This researcher-focused approach makes sense from an FDA standpoint.
According to the current process, researchers already conduct a validation to use as a preliminary study to start a real-world data and evidence investigation. The only additional steps are submitting a study design to use data from the validation and analyzing the resulting patient outcomes. In the eyes of FDA, data gathering is already part of the validation and researchers already observe patient outcomes, so the framework is expanding on the current role of the researcher.
If FDA and researchers gather data at the time of setting up a pre-IND meeting, they can incorporate real-world data and evidence study into subsequent clinical trial design meetings. It would help support a researcher’s claim to use the validated method over FDA’s guidance. If researchers submit this information correctly, timely, and without any hiccups throughout the study, the use of real-world data and evidence can approve or update an existing application for new drugs and biologics licenses in a minimum of four months.
The problem lies mainly in the viewpoint of a researcher.
Currently, FDA offers no incentive to take additional steps when only a validation is required. Scheduling a meeting for a validation takes up to 30 days and approval may take another 30 days after submitting the data for approval. If researchers do not hear back from FDA within 30 days, they are free to implement the change. The researchers still need to conduct a thorough validation to show to FDA in the case of an audit, but there is a much more flexible and relaxed structure for a validation than for a complete study.
If researchers do not take additional steps for a complete study with real-world data and evidence, they can avoid the waste of resources. For those who have passed the pre-IND phase, these additional steps may also benefit their competitors more than themselves. If a study is successful, submitting the 12 line-item obligations and disclosure agreement of the extra study would enable competitors to start where the researcher’s real-world data and evidence investigation ends, instead of the researchers being the sole user of the validated method.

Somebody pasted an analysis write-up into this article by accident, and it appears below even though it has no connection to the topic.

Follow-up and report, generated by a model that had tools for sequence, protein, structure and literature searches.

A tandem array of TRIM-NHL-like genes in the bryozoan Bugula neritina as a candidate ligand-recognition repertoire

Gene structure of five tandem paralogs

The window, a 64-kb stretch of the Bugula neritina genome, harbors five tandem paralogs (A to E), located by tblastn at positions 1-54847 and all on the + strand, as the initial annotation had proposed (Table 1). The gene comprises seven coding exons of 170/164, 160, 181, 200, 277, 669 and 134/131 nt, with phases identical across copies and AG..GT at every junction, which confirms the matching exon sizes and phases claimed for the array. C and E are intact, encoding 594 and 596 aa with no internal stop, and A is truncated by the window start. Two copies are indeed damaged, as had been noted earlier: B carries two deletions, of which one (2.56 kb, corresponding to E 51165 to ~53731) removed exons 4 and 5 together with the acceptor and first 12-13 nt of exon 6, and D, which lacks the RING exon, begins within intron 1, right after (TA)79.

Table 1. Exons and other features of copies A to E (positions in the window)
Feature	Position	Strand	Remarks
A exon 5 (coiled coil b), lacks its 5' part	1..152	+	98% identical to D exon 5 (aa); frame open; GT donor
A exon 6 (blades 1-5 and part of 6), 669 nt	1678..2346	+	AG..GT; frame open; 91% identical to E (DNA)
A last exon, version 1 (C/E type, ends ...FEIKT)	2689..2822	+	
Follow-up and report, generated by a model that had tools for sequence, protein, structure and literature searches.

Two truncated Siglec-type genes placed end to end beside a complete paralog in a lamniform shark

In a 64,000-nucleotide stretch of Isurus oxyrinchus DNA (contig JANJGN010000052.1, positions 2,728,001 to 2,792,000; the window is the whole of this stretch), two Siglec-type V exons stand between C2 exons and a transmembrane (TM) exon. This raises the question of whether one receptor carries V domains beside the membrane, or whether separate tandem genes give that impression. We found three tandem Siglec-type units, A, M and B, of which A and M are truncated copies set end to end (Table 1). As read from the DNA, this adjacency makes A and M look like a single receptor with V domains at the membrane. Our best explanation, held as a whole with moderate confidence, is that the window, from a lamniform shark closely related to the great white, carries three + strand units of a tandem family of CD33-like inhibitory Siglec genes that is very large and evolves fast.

Even with FDA’s new goals for real-world data and evidence, this program is still an optional pathway with no convincing argument as to why a researcher would volunteer to conduct these studies. The real-world data and real-world evidence program is heading into its fifth year with only two approvals to show for it.
The only incentive to follow this new guidance is the potential loss of information. Researchers are aware and involved in the importance of real-world data and evidence on a grander scale. An issue, however, is that even if a researcher chooses to submit these documents for the greater good, it may not meet FDA’s criteria and would not move forward.
Because this real-world data and evidence program is voluntary, there is no motivation for the additional work.
If the new normal shifts, however, for researchers to submit high-quality, robust studies for every change to clinical trials and observational studies, then this change could promote greater efficiency. Researchers of a therapy will know their therapy best. If every researcher submits to that higher standard, FDA can compile and analyze the whole real-world data and evidence from every researcher, which is a clearer picture of safety than any single researcher could submit. FDA could then analyze that data to produce prompt, updated guidance and coordinate information.
The use of high-quality data and evidence to improve regulatory decision-making may evolve from the current program or from a different obligation, but it is necessary to achieve FDA’s goals most effectively.